Professor Alison Young appointed as Public Law Commissioner

The Government has today announced the appointment of Professor Alison Young as a new Commissioner at the Law Commission for a period of five years.

Professor Alison Young will replace Nicholas Paines KC as the Commissioner for Public and Welsh Law. Alison will start on 18 March 2024.

Professor Young will be crucial in contributing to law reform in England and Wales and maintaining the Commission’s reputation for quality, impartiality and independence. She will oversee the work of the Public Law and Law in Wales team on a variety of important topics, ranging from disabled children’s social care to the future of aviation autonomy.

Sir Nicholas Green, Chair of the Law Commission, said:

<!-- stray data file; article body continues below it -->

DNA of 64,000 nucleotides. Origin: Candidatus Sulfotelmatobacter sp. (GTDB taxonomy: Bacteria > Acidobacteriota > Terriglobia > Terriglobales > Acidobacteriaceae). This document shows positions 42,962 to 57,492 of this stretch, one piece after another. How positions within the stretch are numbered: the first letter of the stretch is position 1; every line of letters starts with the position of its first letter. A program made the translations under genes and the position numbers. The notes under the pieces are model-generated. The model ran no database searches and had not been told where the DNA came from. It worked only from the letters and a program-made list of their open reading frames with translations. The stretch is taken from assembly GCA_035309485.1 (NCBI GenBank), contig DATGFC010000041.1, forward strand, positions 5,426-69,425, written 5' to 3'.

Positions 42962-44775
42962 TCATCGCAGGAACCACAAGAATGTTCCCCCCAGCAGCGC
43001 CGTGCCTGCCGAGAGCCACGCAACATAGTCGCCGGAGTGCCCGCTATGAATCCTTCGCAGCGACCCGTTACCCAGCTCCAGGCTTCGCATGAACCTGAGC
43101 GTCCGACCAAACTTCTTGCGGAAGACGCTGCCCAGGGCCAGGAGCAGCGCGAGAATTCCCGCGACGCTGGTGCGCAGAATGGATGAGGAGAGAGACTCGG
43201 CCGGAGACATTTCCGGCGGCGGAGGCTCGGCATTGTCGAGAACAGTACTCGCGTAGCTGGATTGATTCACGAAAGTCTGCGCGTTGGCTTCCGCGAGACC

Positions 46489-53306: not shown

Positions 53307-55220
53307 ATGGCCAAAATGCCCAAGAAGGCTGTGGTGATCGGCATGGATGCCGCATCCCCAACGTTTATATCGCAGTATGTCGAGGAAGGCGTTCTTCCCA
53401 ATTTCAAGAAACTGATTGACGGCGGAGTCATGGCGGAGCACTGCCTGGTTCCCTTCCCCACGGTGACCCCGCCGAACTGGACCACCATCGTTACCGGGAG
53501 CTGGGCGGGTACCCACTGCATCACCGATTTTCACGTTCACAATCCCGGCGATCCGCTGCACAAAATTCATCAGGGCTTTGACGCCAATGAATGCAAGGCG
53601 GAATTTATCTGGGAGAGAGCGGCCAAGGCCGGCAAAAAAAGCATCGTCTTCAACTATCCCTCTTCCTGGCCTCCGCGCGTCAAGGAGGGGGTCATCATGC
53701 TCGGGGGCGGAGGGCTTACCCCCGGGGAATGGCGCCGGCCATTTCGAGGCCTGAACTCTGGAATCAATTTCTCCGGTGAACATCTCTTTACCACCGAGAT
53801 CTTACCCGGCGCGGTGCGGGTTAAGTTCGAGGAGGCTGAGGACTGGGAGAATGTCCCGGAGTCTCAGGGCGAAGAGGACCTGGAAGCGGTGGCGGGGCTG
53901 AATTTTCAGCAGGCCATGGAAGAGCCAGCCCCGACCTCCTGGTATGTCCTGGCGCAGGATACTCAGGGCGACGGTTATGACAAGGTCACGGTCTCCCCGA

“I am delighted that Professor Alison Young will be joining us at the Law Commission. Professor Young has an impressive academic career, and her expertise will be essential to the work of her team and the broader Commission.”

Professor Alison Young said:

“The Law Commission represents the gold standard in evidence-based law reform. I am honoured to be joining such an expert team.

“I look forward to building on my knowledge and experience of researching in public law to work on effective law reform in public law, ranging from disabled children’s social care to remote driving, as well as contributing to reform of the law in Wales.”

Professor Alison Young

Professor Young is the Sir David Williams Professor of Public Law at the University of Cambridge, and a Fellow of Robinson College. She is also an academic associate at 39 Essex Chambers and an Emeritus Fellow of Hertford College, Oxford.

Before joining the University of Cambridge, Professor Young studied for a Law (with French) degree at the University of Birmingham, spending a year at the Université de Limoges. She then completed the BCL and D Phil at Hertford College, University of Oxford. She spent three years as a Tutorial Fellow at Balliol College, Oxford, before returning to Hertford as a Fellow in Law and later Professor of Public Law at the University of Oxford.